What is a GI hospitalist?
A GI hospitalist is a gastroenterologist that primarily provides inpatient care. Their main professional focus is the acute management of gastrointestinal conditions occurring in the hospital setting.
How prevalent are subspecialty hospitalists?
The rise of hospitalists has changed the landscape of medicine. The hospitalist is now the central inpatient provider responsible for patient care and day-to-day housestaff education. From 1995 to 2016, the number of hospitalists increased from 500 to over 50,000.1 While the majority of hospitalists are generalists from the fields of internal medicine, pediatrics, and obstetrics/gynecology, some come in the form of specialists. In a recent survey, up to 10% of internal medicine subspecialists already consider themselves “hospitalists.”2 However, most of these self-described hospitalists only do so part of the time. For example, many group practices have one of their members manage all the hospitalized patients for the group for certain periods of time. It is rare to find full-time subspecialist hospitalists, but there has been an emergence in this new model of GI practice. Many people are unaware of this system of care nor understand how it may influence hospital-based care.
What is the role of a GI hospitalist?
While my primary responsibility is to care for inpatients whom require GI consults, I have outpatient and administrative responsibilities. Generally speaking, I am the de facto consult attending for the year.
How did you decide to become a GI hospitalist?
Upon graduation from my GI fellowship, I wanted an academic job where I could work closely with fellows and manage a wide breadth of complex, high-acuity patients. During fellowship, I enjoyed all areas of gastroenterology and hepatology and did not “sub-subspecialize.” As such, I wanted a job where I would see the full spectrum of GI and liver disease. Additionally, I enjoyed seeing the sickest patients, because I felt I could make the most dramatic differences with my care.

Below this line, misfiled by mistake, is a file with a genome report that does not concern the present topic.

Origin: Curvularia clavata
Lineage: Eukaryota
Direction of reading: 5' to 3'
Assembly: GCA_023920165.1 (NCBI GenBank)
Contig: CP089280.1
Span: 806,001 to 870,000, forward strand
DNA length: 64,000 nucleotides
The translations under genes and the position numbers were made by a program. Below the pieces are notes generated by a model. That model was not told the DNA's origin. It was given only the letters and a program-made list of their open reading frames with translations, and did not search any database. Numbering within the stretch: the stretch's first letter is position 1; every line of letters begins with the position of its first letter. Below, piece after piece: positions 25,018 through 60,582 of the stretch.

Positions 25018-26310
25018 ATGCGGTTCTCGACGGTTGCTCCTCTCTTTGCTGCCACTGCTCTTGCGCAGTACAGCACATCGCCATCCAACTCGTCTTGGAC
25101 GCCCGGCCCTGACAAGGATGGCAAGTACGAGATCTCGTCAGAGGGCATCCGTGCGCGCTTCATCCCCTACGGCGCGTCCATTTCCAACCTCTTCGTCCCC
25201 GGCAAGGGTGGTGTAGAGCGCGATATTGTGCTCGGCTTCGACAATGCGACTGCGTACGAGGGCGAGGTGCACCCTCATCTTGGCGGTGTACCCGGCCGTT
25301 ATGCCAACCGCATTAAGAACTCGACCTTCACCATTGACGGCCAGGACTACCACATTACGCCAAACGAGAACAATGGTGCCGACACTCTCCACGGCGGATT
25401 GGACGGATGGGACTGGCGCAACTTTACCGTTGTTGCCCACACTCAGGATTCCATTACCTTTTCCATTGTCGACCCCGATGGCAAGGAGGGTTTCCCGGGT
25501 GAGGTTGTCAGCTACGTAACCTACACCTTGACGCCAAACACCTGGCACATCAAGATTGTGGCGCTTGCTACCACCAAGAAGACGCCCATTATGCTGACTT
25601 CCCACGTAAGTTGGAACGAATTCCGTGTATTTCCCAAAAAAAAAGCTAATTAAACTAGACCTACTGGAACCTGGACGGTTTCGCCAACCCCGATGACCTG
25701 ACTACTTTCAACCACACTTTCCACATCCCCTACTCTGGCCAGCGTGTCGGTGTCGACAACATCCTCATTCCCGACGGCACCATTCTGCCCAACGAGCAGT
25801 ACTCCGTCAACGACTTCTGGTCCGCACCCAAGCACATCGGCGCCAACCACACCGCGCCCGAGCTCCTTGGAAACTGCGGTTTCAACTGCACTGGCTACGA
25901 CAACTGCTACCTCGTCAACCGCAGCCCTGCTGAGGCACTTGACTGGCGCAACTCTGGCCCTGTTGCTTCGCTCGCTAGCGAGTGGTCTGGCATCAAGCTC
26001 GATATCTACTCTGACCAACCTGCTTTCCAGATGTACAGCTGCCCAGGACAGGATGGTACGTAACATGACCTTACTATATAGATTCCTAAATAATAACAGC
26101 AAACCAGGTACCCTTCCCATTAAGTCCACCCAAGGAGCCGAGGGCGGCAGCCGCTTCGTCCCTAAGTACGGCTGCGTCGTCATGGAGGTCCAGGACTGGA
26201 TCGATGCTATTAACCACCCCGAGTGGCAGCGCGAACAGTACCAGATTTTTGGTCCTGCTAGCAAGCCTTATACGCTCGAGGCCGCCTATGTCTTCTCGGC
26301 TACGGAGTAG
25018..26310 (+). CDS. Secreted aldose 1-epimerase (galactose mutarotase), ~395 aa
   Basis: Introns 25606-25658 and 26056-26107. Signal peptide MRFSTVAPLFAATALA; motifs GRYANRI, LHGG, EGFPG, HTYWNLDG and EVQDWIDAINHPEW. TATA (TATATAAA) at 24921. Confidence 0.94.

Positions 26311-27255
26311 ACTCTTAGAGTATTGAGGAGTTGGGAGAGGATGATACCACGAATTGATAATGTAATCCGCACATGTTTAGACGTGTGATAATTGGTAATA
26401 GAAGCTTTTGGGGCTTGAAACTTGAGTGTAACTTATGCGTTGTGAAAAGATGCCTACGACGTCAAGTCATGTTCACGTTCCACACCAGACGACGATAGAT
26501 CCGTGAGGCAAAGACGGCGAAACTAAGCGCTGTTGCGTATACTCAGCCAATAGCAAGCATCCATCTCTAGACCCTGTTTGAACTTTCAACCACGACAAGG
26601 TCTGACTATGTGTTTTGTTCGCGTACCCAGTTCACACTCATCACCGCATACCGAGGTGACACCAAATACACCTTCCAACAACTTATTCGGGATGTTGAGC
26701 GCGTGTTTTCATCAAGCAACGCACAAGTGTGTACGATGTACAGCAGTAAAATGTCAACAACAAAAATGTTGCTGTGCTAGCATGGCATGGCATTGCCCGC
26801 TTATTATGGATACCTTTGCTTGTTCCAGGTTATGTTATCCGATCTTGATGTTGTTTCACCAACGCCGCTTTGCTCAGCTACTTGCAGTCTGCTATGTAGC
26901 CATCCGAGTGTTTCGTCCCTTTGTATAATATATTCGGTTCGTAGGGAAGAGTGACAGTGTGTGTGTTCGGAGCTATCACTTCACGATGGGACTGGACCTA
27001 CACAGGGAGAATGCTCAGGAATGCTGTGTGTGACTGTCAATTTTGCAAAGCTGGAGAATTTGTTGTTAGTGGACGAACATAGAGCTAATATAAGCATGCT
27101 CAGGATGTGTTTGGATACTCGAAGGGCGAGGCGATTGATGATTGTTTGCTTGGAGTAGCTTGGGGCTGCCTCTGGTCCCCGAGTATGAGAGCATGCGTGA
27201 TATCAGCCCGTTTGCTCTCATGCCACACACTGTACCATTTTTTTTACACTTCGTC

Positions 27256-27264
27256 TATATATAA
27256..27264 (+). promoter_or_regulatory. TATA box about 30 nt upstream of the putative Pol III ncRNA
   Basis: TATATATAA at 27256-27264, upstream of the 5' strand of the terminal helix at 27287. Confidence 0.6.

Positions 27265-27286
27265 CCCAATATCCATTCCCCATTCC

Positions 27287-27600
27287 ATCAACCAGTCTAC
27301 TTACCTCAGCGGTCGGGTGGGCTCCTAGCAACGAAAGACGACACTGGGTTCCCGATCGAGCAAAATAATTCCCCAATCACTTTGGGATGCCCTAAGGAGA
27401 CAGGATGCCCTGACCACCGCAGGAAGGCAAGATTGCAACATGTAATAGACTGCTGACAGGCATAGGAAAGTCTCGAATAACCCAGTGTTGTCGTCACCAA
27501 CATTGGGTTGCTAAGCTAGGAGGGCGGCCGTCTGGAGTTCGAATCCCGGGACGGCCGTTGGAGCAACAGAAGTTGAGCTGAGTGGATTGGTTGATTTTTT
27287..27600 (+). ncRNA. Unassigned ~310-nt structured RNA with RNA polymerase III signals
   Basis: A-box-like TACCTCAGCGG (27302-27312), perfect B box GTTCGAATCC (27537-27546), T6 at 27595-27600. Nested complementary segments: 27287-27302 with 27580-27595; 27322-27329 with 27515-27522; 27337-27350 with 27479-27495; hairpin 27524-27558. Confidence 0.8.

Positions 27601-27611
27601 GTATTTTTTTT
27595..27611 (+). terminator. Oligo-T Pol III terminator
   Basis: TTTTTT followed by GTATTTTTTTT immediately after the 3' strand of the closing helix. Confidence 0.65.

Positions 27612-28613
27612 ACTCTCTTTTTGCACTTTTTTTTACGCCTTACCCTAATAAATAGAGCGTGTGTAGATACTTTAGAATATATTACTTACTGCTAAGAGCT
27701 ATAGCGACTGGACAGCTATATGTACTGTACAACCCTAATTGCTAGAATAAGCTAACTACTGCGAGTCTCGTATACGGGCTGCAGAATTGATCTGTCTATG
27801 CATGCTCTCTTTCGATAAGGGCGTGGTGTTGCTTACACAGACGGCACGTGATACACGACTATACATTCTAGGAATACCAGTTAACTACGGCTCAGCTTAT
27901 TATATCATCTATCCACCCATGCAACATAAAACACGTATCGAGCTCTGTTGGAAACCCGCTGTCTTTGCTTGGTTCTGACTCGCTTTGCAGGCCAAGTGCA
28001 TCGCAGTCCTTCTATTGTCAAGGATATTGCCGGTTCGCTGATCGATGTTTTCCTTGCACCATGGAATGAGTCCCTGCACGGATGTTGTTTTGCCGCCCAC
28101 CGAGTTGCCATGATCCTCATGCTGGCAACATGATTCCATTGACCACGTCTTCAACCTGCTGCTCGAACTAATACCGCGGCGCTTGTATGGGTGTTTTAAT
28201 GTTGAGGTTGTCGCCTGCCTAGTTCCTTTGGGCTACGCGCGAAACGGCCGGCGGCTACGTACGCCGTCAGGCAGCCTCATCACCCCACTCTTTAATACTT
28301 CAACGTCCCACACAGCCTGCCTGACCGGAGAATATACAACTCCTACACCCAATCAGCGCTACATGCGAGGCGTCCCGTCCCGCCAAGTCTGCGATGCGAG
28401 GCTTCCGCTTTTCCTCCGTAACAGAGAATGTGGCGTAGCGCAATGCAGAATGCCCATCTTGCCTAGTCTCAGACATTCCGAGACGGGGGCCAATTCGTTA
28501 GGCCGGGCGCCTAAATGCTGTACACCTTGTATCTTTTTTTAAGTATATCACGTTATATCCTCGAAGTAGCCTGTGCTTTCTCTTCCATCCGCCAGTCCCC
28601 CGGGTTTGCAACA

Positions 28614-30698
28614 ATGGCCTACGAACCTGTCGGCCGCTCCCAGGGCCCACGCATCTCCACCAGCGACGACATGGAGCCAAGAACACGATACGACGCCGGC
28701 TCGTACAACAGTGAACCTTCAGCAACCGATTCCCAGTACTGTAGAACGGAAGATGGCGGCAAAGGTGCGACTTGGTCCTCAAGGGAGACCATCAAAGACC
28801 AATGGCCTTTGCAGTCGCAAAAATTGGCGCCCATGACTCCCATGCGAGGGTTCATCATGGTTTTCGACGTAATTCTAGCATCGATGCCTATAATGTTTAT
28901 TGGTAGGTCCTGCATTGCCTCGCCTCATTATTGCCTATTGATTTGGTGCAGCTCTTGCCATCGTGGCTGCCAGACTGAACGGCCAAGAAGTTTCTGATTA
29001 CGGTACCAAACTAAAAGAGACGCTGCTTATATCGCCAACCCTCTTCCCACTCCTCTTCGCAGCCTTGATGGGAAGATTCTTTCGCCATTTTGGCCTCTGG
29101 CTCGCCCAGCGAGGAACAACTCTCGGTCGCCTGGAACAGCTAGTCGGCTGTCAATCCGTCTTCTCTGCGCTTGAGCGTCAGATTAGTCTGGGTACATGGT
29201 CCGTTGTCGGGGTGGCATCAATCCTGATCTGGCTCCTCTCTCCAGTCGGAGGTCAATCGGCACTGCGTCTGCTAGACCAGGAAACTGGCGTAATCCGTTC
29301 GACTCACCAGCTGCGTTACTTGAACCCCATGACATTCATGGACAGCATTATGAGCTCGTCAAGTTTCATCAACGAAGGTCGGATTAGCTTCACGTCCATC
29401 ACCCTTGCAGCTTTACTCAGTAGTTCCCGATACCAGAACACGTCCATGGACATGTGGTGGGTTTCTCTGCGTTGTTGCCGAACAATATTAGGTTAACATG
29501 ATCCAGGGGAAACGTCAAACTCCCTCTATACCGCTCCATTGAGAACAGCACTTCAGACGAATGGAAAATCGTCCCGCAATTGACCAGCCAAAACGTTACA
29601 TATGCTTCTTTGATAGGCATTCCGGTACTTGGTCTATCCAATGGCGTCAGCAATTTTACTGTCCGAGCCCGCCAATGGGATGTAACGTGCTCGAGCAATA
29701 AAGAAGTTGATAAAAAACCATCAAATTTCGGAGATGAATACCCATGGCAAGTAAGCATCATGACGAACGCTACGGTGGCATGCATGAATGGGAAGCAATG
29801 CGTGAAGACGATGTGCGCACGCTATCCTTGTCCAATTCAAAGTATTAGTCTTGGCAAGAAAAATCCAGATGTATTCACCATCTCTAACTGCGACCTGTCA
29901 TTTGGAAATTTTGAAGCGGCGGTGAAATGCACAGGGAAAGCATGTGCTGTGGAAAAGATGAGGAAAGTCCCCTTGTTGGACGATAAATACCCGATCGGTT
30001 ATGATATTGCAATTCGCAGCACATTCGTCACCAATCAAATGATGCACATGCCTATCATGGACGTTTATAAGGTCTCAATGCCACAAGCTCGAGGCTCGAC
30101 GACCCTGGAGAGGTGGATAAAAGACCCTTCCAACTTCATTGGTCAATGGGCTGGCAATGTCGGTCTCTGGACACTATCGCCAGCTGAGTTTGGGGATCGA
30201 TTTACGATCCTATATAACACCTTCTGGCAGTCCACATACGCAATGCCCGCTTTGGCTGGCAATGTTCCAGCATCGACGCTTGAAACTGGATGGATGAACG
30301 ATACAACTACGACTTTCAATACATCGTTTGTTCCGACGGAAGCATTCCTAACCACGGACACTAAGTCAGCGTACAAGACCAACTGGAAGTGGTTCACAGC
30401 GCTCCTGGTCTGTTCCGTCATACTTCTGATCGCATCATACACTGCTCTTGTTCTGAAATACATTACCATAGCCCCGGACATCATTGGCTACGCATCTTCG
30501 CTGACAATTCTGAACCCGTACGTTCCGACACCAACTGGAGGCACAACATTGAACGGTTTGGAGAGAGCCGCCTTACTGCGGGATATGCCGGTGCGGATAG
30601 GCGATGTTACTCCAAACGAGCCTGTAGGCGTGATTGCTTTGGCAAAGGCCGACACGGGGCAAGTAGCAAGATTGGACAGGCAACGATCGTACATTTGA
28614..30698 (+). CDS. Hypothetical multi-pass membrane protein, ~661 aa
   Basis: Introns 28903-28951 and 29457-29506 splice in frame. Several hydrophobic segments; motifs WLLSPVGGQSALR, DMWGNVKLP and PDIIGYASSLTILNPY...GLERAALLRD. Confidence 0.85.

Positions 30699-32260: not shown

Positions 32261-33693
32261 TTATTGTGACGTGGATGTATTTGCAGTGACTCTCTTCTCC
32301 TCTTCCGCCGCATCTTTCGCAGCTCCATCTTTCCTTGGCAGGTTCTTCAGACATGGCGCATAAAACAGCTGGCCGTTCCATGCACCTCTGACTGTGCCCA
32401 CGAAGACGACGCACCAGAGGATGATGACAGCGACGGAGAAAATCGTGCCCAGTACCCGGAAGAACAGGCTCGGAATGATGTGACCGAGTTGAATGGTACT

When I was searching for jobs, I spoke with the chief of GI at the hospital where I completed my residency about how I could fill a niche. We conceived of a model that would merge my personal interests and help the division provide consistent teaching for fellows and increase inpatient billing. Prior to my arrival, attendings that staffed the consult service were expected to continue their research and outpatient clinical workload while finding time to come to the hospital. Not surprisingly, attending rounds was erratic. The fellows were left to manage patients independently, scrambled to run cases by whomever happened to be around, or waited until they could reach the attending the next day. Unsurprisingly, billing by attendings was sparse.
What is a typical day like in your life as a GI hospitalist?
My day starts at 7:30 a.m. either with my outpatient office hours, endoscopy session, or GI Grand Rounds. Each week, I have two morning outpatient office sessions, one morning endoscopy session, and one morning session supervising fellows’ endoscopy.
At noon, I round with a team of GI fellows, medical students, and housestaff rotators for 2 hours. After we see the new consults, the remainder of my afternoon is spent seeing the follow-up patients. For two afternoons throughout the week, I have outpatient endoscopy sessions. I typically conclude my day at 5 p.m.
For night coverage, I take emergency calls for my own patients, and share general call duties with the other members of my division. On average, I take calls for one weekday a month and five weekends per year.
Typically, GI hospitalists only cover inpatients during the daytime. All nights and weekends are covered by partners and nonemergent overnight consults are saved until the next day. They have no office work.
What is the most challenging part of being a GI hospitalist?
As the perpetual “GI Consult Attending,” there is the threat of burnout when confronted with a high volume of sick, complex patients. Many of the patients have multiple comorbidities and require a multidisciplinary approach. On average, we have five new consults a day and the number of active follow-up patients is 10. Nonetheless, the nature of the inpatient service makes the volume of work unpredictable. When the service is busy and the census swells, the numbers of patients requiring staffing and notes can become overwhelming.